2 December 2011

Africa: Members Demand Green Climate Fund Finalised Despite Short-Comings

President of the 17th Congress of the Parties, Maite Nkoana-Mashabane, closed the plenary session of the meetings on November 30 with a commitment to continuing transparent and informal discussions on the Green Climate Fund (GCF).

She made these comments in response to concerns raised by the parties after the transitional committee, tasked with making recommendations for the GCF, presented its draft report to the session.

"We can all strive to look forward, cooperate and assist me while working on the basis of what has been presented, to ensure the GCF becomes operational"

Remarks from the countries present argued that while the draft governing instrument was imperfect, the urgency of global climate change demanded that it be finalised in Durban and implemented as early as next year. The US representative said the fund had the potential to become a major funding institution, but noted that the transitional committee had operated under tough time constraints and had left work to be done before the fund could begin disbursing money.

The representative from Saudi Arabia argued that it should not be expected to contribute to the fund, but rather, as a fossil fuel-dependent state, it should rather receive money from the fund.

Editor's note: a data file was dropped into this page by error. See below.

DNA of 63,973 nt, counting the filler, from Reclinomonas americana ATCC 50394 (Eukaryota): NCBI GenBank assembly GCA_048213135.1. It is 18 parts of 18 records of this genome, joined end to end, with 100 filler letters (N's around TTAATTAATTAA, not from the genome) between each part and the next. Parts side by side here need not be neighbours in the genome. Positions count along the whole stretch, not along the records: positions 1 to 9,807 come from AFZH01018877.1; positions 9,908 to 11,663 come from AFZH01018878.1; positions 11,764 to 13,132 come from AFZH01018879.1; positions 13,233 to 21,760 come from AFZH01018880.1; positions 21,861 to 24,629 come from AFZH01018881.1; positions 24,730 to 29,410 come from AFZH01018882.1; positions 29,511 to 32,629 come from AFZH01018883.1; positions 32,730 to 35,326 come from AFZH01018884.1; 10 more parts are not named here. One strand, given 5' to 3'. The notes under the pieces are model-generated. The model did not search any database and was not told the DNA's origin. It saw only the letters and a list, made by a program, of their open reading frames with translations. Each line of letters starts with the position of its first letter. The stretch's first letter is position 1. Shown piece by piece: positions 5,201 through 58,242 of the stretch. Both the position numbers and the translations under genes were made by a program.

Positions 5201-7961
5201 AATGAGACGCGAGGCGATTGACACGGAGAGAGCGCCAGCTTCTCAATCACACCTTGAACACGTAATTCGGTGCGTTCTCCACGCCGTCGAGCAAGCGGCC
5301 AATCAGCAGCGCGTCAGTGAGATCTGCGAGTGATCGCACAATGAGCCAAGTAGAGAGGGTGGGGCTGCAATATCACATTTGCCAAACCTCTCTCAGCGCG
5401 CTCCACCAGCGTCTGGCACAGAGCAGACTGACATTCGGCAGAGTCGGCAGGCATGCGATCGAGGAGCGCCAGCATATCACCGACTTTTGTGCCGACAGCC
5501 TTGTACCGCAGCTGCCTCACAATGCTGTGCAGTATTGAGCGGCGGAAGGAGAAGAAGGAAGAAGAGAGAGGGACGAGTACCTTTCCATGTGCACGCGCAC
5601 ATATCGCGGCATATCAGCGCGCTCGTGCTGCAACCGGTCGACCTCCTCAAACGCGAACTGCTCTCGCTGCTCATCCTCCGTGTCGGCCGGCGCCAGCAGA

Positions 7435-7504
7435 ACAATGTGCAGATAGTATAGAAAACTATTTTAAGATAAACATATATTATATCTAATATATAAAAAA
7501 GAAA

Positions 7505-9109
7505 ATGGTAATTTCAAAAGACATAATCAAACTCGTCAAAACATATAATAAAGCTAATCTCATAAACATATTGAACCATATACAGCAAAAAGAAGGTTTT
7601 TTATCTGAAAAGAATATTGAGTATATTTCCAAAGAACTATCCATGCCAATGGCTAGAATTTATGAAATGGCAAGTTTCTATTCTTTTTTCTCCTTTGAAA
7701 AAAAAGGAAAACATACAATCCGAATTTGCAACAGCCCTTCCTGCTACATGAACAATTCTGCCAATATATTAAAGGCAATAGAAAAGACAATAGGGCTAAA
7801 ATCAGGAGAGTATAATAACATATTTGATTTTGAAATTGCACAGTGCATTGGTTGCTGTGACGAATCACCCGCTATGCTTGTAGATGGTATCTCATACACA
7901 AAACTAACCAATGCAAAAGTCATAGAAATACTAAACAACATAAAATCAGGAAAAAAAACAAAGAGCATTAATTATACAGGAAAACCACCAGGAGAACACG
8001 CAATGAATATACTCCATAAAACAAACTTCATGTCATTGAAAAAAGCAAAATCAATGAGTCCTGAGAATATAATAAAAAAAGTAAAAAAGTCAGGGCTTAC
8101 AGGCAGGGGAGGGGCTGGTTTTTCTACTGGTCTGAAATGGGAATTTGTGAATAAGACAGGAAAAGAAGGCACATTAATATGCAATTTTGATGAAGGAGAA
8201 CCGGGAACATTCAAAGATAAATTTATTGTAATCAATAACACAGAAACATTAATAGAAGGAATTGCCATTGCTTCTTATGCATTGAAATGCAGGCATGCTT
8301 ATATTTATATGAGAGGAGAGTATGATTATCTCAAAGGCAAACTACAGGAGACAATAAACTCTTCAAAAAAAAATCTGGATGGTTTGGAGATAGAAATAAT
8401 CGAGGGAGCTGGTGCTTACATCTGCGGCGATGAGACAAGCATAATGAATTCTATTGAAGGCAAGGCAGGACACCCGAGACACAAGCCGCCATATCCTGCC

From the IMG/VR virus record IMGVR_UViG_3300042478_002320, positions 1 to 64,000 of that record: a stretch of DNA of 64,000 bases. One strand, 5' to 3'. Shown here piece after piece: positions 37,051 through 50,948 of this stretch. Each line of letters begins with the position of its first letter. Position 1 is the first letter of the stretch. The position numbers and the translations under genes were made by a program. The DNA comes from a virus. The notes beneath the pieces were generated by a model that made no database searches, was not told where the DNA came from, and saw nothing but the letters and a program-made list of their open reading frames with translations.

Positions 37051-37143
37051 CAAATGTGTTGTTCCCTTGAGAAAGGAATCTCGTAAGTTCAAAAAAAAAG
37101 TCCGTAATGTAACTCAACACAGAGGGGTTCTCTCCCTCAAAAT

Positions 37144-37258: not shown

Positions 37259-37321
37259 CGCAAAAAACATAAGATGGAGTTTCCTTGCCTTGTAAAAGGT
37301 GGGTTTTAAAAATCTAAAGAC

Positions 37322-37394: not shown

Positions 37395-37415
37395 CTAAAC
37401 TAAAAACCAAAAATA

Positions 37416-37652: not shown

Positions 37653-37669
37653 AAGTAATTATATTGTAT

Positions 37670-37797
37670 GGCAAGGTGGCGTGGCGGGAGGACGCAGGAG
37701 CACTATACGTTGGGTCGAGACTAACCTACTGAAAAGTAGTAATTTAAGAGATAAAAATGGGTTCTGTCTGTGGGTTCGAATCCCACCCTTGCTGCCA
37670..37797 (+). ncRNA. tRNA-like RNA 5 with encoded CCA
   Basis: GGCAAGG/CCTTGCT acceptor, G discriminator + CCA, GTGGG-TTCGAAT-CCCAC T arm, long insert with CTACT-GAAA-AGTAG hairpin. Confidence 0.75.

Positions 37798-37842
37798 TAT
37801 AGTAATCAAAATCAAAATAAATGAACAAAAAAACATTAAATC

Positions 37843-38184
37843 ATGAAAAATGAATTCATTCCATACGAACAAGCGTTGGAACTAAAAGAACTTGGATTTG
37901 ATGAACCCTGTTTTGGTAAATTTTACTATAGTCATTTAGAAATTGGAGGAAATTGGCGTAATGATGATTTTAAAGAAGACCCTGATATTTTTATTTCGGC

The Alliance of Small Island States said it was not satisfied with some of the principles in the draft document; nevertheless, it should be adopted without delay. The representative expressed concern that the fund did not have a solid enough relationship with the Conference of the Parties, thus blurring accountability. It was also unhappy that there were no dedicated funding windows for the least-developed countries.

The proposal of the 40-person delegation of the transitional committee on the draft governing instrument for the Green Climate Fund stated that the GCF should play a key role in channelling new, additional, adequate and predictable financial resources to developing countries. The Fund should promote sustainable development while allowing these nations to limit, or even reduce their greenhouse gas emissions and to adapt to the consequences of climate Change, taking into consideration the role of agriculture as the foundation for the economies of most African countries.

When the GCF transitional committee was set up, the vision was to get rich nations to funnel money into climate mitigation and adaptation projects in developing countries. It will be governed and supervised by a Board that will have full responsibility for funding decisions.

In this light, Switzerland has offered to host the first meeting next year while the World Bank will serve as interim trustee for the fund, subject to review three years after the GCF is established.

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